I bought the faux wood brown version on sale for $15.75 at Sanko in San Francisco’s Japantown ($17.50 before their 10%-off sale that goes until Feb. 23, 2008, full store review here), but evidently the Don Don Lunch Box also comes in a reddish version and plain metallic colors (orange, white and light blue). Hakoya isn’t the only company that makes donburi-specific bento boxes, though. You can find some here on eBay in red and black. (I have no commercial affiliations with Sanko, Hakoya, eBay, etc.)
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Contents of preschooler lunch: Japanese chicken curry, rice with nori-flavored furikake rice sprinkles, peeled tangerine, rakkyo pickled scallions, and a mini pudding cup.
Morning prep time: 6 minutes, using leftover curry and fresh rice made with my rice cooker with timer. In the morning I microwaved the leftover curry while pre-warming the thermal food jar with hot tap water.
Cooking: For dinner the night before, I made Japanese curry with chicken, onions, potatoes and carrots. Japanese curry is very mild, and a breeze to make using little blocks of shelf-stable Japanese curry roux sold in Asian markets. Just brown the meat and veggies, add water and simmer for about 15 minutes, then dissolve the blocks of curry roux in the mixture and simmer for another 5 minutes until it’s nice and thick. You can make this especially fun for kids by using little cookie cutters to shape the carrots, but that’s way too much work for me. Pickles such as crisp rakkyo or fukujinzuke are usually served alongside Japanese curry for a nice flavor and texture counterpoint; my three-year-old loves rakkyo and begs for them. You can find rakkyo (and curry roux) in Japanese and Korean markets, or try making your own.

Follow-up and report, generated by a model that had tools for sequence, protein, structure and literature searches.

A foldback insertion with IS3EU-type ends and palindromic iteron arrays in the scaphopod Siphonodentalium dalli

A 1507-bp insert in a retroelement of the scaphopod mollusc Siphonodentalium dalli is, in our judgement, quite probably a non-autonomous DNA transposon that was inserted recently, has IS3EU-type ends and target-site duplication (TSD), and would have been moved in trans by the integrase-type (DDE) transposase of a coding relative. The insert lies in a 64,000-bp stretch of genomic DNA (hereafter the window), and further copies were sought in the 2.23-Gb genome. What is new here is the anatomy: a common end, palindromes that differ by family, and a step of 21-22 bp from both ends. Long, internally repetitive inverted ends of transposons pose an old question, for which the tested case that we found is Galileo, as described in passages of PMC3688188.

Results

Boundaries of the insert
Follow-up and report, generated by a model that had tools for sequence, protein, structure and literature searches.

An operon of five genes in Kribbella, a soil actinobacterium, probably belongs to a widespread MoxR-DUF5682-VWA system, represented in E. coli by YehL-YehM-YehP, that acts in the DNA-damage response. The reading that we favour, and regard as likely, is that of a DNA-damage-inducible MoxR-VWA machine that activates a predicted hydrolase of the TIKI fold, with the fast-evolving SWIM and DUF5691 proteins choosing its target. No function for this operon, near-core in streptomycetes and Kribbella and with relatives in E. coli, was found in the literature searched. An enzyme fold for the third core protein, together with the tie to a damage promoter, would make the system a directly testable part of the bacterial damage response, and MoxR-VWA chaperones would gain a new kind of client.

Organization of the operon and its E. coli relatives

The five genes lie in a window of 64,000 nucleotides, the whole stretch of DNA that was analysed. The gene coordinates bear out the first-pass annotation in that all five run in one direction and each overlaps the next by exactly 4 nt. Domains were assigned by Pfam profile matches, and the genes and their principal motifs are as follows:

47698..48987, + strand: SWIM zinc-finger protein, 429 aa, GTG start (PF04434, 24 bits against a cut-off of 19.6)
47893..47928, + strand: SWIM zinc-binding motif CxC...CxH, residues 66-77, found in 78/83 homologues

Packing: I left some head room in the thermal food jar so that Bug could dump his rice on top of the curry when he was ready to eat. The rakkyo went into a coated paper baking cup that was smaller than all of my reusable silicone cups, and I peeled the tangerine to make it easier for my son to eat. Look closely at the same container and you’ll see a clear plastic spoon for the mini pudding cup tucked inside. The lunch is packed in a 560ml insulated bento set from Ichiban Kan; similar sets are sold on Amazon in green or blue (affiliate links). You can get the same effect as these pricier sets by using a small side container and a thermal food jar , commonly available from stores like Target or Walmart.
Verdict: A home run! Bug demolished this entirely in one sitting. I thought it might be a bit too much for him according to the bento box size guidelines, but he’s going through a growth spurt and has been eating unbelievable amounts of food lately. Mild Japanese curry is usually a winner with kids, and Bug’s no exception.
- The “rice lid” method for packing curry or stew in a thermal food jar
- Master recipe for Thai curry
- How to care for your bento gear
- Biggie’s list of top speed tips, tutorials and equipment reviews